Pine Cone or Bat?
EASTERN RED BATS hang from trees in ingenious disguise.
Texas is home to more bat species (33) than any other state. While these misunderstood mammals are often demonized in pop culture, they are intelligent and interesting creatures with unique abilities. Some people aren’t aware of bats’ important contribution: These hungry flyers keep insect populations down, helping maintain nature’s delicate balance.
Eastern red bats — found in abundance in East and Central Texas — are tree-roosting forest dwellers (unlike their cave-dwelling cousins) and are often solitary. Weighing only one-quarter to one-half ounce, these bats are around 4 inches long with a wingspan of 13 inches.
Unlike the short, felt-like fur of the more common Mexican free-tailed bat, eastern reds have long, silky fur. True to their name, these mammals are gingers, all the way to the tips of their furry tails.
Not surprisingly, the genus name for these bats — Lasiurus — is derived from the Greek lasios (hairy) and oura (tail). The adult males sport a deeper shade of red than the females; both have white-tipped fur, giving them a “frosted” look. While hanging upside-down, this coloring helps disguise them as pine cones or dead leaves.
Eastern red bats usually emerge in early evening to feed on moths and other insects, using echolocation (biological sonar) to find their prey, sometimes following the same route every night. While many winged predators catch their prey by mouth, this bat somersaults in the air and uses its wings and tail to close around its prey. The bat reaches down into the pouch it creates to eat the moth, beetle or other insect before flying on.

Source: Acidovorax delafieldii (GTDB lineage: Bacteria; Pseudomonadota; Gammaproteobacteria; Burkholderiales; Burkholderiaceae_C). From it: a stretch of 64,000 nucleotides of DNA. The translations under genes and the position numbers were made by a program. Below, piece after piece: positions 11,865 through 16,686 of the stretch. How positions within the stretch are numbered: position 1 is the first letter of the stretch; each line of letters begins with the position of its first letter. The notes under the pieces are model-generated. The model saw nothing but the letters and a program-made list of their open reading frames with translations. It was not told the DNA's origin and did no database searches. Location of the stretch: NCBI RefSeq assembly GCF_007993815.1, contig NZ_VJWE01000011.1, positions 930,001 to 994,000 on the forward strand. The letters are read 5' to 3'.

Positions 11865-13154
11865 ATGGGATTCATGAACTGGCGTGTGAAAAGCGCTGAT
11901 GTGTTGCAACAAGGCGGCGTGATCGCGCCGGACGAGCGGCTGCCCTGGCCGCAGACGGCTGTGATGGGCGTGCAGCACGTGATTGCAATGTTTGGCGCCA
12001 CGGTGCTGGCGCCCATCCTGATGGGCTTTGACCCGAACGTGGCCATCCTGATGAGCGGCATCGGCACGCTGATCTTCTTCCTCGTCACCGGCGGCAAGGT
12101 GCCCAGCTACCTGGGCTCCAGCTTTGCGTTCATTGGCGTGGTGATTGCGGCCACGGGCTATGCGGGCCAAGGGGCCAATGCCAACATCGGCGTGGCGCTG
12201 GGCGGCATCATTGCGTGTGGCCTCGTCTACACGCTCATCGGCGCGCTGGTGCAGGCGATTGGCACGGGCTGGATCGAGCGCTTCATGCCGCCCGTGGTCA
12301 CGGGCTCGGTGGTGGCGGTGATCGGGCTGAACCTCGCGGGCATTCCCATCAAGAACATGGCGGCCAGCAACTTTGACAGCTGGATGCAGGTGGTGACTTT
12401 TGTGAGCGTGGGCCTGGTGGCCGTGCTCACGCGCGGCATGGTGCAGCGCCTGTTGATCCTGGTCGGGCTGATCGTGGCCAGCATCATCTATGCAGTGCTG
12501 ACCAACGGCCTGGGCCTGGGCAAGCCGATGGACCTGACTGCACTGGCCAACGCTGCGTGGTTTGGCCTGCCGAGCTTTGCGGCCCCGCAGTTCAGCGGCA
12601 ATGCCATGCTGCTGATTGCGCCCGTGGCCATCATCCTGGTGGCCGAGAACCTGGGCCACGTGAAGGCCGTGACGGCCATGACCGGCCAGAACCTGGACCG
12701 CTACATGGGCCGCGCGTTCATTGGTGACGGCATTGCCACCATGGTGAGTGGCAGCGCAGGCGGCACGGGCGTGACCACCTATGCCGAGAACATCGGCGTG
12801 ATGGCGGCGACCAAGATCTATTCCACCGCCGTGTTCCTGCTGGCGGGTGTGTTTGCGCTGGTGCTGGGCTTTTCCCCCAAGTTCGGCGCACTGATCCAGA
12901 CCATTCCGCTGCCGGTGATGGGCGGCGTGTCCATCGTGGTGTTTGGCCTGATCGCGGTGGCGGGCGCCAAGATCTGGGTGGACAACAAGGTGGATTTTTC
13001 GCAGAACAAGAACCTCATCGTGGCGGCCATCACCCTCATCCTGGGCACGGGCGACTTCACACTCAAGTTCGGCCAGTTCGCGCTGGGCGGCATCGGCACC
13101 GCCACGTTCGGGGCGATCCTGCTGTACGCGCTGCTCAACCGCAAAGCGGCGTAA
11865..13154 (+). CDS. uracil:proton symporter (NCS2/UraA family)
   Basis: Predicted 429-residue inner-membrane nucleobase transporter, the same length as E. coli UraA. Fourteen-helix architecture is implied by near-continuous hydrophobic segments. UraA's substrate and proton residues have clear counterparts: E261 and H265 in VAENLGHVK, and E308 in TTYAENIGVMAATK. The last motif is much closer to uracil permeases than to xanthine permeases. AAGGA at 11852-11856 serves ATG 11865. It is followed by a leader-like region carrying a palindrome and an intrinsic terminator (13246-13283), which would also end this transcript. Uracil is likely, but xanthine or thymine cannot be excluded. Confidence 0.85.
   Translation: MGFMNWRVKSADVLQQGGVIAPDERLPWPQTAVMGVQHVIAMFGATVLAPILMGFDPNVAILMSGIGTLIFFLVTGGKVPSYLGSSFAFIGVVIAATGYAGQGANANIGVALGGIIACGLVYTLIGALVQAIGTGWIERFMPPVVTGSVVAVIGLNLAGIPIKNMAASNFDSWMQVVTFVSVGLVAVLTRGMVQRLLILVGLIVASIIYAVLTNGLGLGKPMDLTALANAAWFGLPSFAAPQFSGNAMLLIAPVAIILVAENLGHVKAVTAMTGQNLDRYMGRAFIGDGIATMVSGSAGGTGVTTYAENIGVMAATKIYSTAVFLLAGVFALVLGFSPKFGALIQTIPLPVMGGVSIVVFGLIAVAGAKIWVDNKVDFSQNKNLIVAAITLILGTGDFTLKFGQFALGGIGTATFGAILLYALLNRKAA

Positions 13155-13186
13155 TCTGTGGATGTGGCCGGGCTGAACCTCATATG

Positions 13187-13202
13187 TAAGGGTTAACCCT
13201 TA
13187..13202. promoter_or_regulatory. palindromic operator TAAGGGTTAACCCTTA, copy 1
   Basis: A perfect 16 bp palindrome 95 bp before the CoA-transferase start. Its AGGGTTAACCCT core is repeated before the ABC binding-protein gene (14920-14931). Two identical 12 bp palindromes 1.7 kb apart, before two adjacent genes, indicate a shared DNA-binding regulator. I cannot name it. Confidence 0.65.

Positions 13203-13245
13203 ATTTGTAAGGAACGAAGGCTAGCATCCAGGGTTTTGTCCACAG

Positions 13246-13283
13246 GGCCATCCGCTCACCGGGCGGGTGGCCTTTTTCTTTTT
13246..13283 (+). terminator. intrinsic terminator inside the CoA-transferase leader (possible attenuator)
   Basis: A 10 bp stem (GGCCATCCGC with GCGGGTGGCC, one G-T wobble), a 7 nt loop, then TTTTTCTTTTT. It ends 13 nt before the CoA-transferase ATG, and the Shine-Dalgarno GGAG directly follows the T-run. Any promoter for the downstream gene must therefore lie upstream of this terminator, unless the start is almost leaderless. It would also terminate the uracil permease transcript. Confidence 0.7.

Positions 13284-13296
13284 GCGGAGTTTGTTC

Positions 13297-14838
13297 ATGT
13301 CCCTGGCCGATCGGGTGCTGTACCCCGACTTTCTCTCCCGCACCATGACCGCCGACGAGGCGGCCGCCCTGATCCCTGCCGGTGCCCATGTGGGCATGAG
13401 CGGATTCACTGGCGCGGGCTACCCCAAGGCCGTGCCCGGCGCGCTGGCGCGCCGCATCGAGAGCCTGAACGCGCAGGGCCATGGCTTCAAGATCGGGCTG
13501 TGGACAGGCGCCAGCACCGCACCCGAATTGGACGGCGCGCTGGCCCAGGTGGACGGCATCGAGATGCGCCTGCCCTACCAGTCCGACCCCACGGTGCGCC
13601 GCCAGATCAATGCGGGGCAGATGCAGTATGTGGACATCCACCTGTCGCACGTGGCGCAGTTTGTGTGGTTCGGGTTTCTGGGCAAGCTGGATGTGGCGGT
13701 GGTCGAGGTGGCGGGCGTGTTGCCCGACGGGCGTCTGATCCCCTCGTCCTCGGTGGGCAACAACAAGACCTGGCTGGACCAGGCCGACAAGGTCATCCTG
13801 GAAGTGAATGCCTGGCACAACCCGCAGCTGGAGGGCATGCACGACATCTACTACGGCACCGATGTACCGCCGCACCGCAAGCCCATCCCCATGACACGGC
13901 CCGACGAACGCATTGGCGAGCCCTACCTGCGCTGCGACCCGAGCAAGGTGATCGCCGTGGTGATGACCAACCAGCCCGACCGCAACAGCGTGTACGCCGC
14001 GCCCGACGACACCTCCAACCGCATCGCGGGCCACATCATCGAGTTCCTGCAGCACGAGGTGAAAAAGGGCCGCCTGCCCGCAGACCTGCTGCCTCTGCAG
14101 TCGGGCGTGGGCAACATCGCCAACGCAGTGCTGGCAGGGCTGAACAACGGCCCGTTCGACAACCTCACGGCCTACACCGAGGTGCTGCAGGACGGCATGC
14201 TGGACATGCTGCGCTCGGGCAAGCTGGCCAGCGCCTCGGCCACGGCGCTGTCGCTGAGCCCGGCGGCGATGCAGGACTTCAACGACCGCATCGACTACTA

While these bats hibernate during the winter, they sometimes sneak out on a warm winter evening for a snack.
Female eastern red bats have four mammary glands instead of two, and can give birth to four pups. Many other bat species give birth to only a single pup.
Texas has a year-round population of red bats; in other parts of the U.S., they are migratory.
Although not listed as endangered species, the migratory eastern red bat faces threats from natural predators (opossums and raptors) and from collisions with tall buildings, wind turbines and barbed wire. Eastern red bats can carry the spores of Pseudogymnoascus destructans, the fungus that causes white-nose syndrome, but none have been discovered with the disease.
Abbott Nature Photography
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